Later in the Middle Ages the term Witch Egg emerges and much later in the Victorian Era, Fairy Egg. There are a few places in Scotland and parts of Europe that have used the term Wind Egg. Perhaps because a yolk-less egg  lacks substance. And lastly, leave it to we Americans to coin the term, ahem…Fart Egg. Stay classy America!

I will keep you posted on any evil hatchings or demonic possessions as they happen in real time via my YouTube channel. If I’m able to that is. If I begin writing blog posts like the following…

“We are Legion and We love organic produce…”

…call an old priest and a young priest on my behalf.

Until then be safe and always know where to find your local sorcerer!!

Piper’s New House

Before I begin this little story, please forgive my long absence. I shan’t bore you with the messy and gritty details as to why I went off the rails, but I will say that every now and again my career at the museum tends to draw energy into itself. Like a black hole, not even light can escape.

I’m not saying that I’ve been there 24/7, but the times when I was finally home and could’ve written you many posts, something had happened to my brain as well as my will power. I sat in front of the computer and drooled. Devoid of any sense or reason, I typed the same thing over and over and over. “All work and no play makes James a dull boy”

This was then proceeded by a short stint working as the off season manager of the Overlook Hotel and then some other stuff that I can’t seem to recall. I vaguely remember some kind of hedge maze…

Regardless, I am here again. I humbly thank you for you patience. Let us continue our journey shall we?…

During my downtime at the Overlook Hotel, I also engaged in one or two projects. One of which was to design and construct a new coop for Piper to finally get her away from those chicken bullies. I had a finite amount of scrap wood and hardware in the garage and seeing as I had no extra money to spend on the project, I wanted to make said supplies work for a nice little coop design. With such tight parameters, there was only on thing to do; build it all first in a 3D program. Once again, I turned to SketchUp, the best free program in the universe. I used this program to design my larger loft style coop as well.

Firstly, I added all of the scrap pieces into the program to begin to piece them all together. With a little Tetris-like arranging, I was able to maximize my yield and crate a cut list with my meager supplies. No room for error with this carpentry project!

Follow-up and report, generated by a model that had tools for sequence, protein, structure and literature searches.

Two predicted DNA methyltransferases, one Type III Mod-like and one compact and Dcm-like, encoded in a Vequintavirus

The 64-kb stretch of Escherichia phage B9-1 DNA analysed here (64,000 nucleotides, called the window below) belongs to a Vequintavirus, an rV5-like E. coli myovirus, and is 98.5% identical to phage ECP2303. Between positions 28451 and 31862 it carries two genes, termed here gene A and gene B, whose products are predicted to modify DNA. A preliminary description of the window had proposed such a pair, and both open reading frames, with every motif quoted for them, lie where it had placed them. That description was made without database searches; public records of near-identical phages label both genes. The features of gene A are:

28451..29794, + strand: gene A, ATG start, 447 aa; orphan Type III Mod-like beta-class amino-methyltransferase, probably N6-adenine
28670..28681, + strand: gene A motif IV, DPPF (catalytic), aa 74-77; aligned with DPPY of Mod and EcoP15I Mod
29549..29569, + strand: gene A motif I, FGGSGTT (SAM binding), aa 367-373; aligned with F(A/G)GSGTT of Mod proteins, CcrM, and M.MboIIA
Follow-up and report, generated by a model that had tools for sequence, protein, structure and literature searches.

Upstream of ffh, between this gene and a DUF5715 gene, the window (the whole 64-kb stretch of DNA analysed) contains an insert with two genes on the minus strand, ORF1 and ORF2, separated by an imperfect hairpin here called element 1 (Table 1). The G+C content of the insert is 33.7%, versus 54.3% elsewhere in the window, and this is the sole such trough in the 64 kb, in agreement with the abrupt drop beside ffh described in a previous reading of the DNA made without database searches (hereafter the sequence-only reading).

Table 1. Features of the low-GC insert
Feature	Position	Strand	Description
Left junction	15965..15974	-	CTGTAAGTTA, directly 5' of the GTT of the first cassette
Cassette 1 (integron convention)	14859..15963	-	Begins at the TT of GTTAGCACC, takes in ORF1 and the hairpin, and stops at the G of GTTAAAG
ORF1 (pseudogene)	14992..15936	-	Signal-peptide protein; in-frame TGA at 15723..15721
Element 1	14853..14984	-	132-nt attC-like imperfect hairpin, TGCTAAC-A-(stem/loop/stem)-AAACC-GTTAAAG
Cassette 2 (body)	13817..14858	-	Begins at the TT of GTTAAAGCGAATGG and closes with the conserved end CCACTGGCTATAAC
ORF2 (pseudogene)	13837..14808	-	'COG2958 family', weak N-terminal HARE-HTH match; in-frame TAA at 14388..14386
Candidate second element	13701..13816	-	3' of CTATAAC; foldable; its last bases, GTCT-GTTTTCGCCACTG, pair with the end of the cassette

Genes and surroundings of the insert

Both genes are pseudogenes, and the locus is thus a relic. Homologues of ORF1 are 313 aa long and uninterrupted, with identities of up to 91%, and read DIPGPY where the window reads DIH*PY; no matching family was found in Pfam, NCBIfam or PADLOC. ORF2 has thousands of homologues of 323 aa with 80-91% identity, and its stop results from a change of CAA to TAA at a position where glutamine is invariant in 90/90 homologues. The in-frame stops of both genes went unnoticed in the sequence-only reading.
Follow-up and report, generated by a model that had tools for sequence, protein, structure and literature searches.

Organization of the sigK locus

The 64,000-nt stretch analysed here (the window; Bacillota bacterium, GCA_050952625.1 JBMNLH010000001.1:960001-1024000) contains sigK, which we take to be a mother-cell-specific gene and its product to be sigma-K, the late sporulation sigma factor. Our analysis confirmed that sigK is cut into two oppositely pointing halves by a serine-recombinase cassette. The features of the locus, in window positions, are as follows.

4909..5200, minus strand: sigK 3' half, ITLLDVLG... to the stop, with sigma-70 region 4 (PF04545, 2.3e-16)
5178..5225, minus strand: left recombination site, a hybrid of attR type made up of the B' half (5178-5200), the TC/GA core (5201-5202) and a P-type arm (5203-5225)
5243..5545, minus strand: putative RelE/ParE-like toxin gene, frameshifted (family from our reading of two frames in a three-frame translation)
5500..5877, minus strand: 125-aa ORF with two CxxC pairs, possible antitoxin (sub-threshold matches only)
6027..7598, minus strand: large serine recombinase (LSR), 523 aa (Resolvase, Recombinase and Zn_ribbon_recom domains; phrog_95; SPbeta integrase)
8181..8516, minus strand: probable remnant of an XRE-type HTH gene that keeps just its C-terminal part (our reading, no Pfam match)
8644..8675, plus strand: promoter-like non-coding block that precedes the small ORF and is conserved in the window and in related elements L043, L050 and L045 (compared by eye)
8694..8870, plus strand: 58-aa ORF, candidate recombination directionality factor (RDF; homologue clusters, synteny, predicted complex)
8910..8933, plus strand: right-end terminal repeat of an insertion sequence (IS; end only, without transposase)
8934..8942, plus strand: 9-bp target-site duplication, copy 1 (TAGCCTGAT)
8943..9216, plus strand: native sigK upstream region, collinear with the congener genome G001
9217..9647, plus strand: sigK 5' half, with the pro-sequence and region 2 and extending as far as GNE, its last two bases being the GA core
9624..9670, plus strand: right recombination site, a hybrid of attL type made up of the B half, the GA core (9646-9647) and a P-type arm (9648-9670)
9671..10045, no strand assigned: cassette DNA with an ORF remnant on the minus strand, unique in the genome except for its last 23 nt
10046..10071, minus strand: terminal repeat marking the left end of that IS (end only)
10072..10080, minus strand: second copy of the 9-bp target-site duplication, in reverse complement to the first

Measure fifteen times, cut once!
Measure fifteen times, cut once!

Full disclosure, I didn’t actually use that old-timey drill seen in the above photo. I just thought it would look nicer than my Panasonic cordless. What a deceitful carpenter I be! Yeah? Get over it.

Here’s the final 3D rendering in a futuristic video form. What wonders we shall see!


Impressive yes? I can’t stress enough how much I love SketchUp. To be able to maximize my yield as well as test all the doors and hinges is priceless. Once all the details were worked out and the design was polished, I began assembling the coop. No small task as every single piece of wood was used, full of holes and painted. So I spent most of my time sanding, refinishing the wood and pulling nails and staples.

It took a lot longer to build than I anticipated but I really got into a zen state from all the sanding and shaping of the reclaimed wood. I haven’t spent this much time on a carpentry project since I was Head Carpenter at the San Diego Museum of Art. It did my soul good to work on this project. Also, it turned out pretty close to my original drawing. Check it out.

Pipers new coop 13A_Composite 1

Pipers new coop 13B_Composite 2

Pipers new coop 13C_Composite 3

Pipers new coop 13D_Composite 4

Not too shabby huh? But what good is all this work if it isn’t properly Piper approved? No good. To answer my own question. So the next stage was to get the little fuzzy fluffball inside to test it out.

All in all, I think she approves. However, I am not too happy with the size restrictions here. I want to get another silkie hen to keep her company and there’s barely enough room for Piper. Perhaps I should have bitten the bullet and purchased some extra lumber. Hind sight is 20/20.

I’ve decided to open up the back panels and add an additional room to the back which will double the width of her coop without causing me to lose any of the hard work I’ve already done. I’ll submit my permits for an add-on with the city post haste. No, no I won’t. Shhh!

I also was planning on giving her a mini run on those planter beds to the right of the coop so she can better peck and scratch for bugs an critters and such. Between those two additions, I’ll feel better about having two bantam breeds in this mini-coop. Until then, I’m keeping her in with the big girls. It shouldn’t be too long of a wait though.

Then I’ll just have to wait for her fluffy feathers to grow back so she can reclaim her past glory. Just look at this little fluffball! Can you tell that I’m in love with this little angel? Now I’ve always loved chickens…on my plate. This is different though, because she loves me back! Raise a glass to our poor tortured heroine for soon she shall have peace and retirement and sweet cooing happiness.

Pipers New Coop 024_Piper Inspection 11